Last TIP I began a series about Singing through the Eyes . . . and how the eyes reveal the inner spirit of the singer, the mood, the attitude, the depth of the singer’s identification with the song.  In the Pop world this would relate to the performer’s ability to ‘sell’ a song.  But selling a pop song is one thing, and reflecting the glory or light or the divine in a choral piece is quite another.  However, both worlds require the singer to be self-aware and able to reveal subtleties of facial expression, specifically using the eyes.

This is because, like the old spiritual ‘Dry Bones’ . . . the eyes are connected to the eyebrows, the eyebrows connected to the cheeks, the mouth, the forehead, and even the inclination of the jaw.  When one Sings through the Eyes the whole face connects to reveal the importance and passion behind a word or phrase.

I’m simply identifying an area of personal warmth that would make our music sound better and communicate more deeply if we would but give ourselves to it.  Personal warmth starts with the eyes and spreads to the rest of the face, and continues well beyond the face to include subtle dynamics of posture.  But it starts with the eyes and it effects how people sing.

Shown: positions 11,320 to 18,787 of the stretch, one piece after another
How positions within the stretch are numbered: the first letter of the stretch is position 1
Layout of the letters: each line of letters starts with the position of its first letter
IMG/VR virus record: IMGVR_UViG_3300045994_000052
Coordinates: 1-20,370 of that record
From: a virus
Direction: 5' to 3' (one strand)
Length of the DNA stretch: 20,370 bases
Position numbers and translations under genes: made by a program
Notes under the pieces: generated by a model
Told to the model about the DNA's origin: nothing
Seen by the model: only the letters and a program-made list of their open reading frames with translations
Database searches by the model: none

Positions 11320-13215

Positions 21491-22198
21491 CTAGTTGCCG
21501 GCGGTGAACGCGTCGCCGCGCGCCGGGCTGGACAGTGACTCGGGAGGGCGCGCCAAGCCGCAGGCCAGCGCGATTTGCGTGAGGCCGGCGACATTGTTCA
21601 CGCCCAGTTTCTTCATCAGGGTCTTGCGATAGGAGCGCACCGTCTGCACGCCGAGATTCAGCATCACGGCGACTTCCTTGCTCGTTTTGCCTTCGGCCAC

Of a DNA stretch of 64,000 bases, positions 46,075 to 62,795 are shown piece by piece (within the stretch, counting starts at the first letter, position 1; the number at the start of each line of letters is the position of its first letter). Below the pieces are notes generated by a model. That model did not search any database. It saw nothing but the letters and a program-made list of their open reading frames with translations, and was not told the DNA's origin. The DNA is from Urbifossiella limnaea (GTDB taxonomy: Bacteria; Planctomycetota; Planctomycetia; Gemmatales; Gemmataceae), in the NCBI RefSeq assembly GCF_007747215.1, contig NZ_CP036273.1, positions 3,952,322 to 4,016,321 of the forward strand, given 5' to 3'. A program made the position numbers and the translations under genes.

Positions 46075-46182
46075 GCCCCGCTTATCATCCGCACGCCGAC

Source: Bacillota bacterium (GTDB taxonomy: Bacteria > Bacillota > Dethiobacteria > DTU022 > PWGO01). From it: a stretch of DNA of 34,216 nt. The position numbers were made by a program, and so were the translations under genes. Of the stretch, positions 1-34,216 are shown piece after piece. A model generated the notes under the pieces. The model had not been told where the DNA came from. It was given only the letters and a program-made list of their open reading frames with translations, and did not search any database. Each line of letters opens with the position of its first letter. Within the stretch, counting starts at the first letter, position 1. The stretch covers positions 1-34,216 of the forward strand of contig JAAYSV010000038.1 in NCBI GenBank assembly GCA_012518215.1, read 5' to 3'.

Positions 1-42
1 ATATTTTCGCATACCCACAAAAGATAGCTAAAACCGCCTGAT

I’m avoiding the word ‘smile’ here because smiling while one sings is pleasant but plastic, and too easily may be considered disingenuous.  Besides, there is a whole range of emotions relating to operative words that have nothing to do with smiling.  I much prefer to encourage my singers to identify internally with the text and Sing through their Eyes to bring it to life.

Visualize for a moment an individual singing with an expressionless face.  We call it soulless, because the window to thesoul is not engaged.  Now think of an individual singing with insight and intent, with self-awareness and meaning reflected in their face.  That’s soulful, because the window to the heart is open and the music speaks as it should.

People differ vastly in their ability to make this happen.  Some are so winsome that when asked to Sing through their Eyes they immediately do it.  Others need to be brought along the path of mirrored self-discovery to the point where they can generate personal warmth when required.  Still others are born stoics, resolutely refusing to open themselves to the charm demanded by the music.  Sadly, this is a habit hard broken.  But the leader who sets a tone of life-giving positivity and example might just get past the gruff exterior to the true person behind the barrier.  I’ve seen it happen!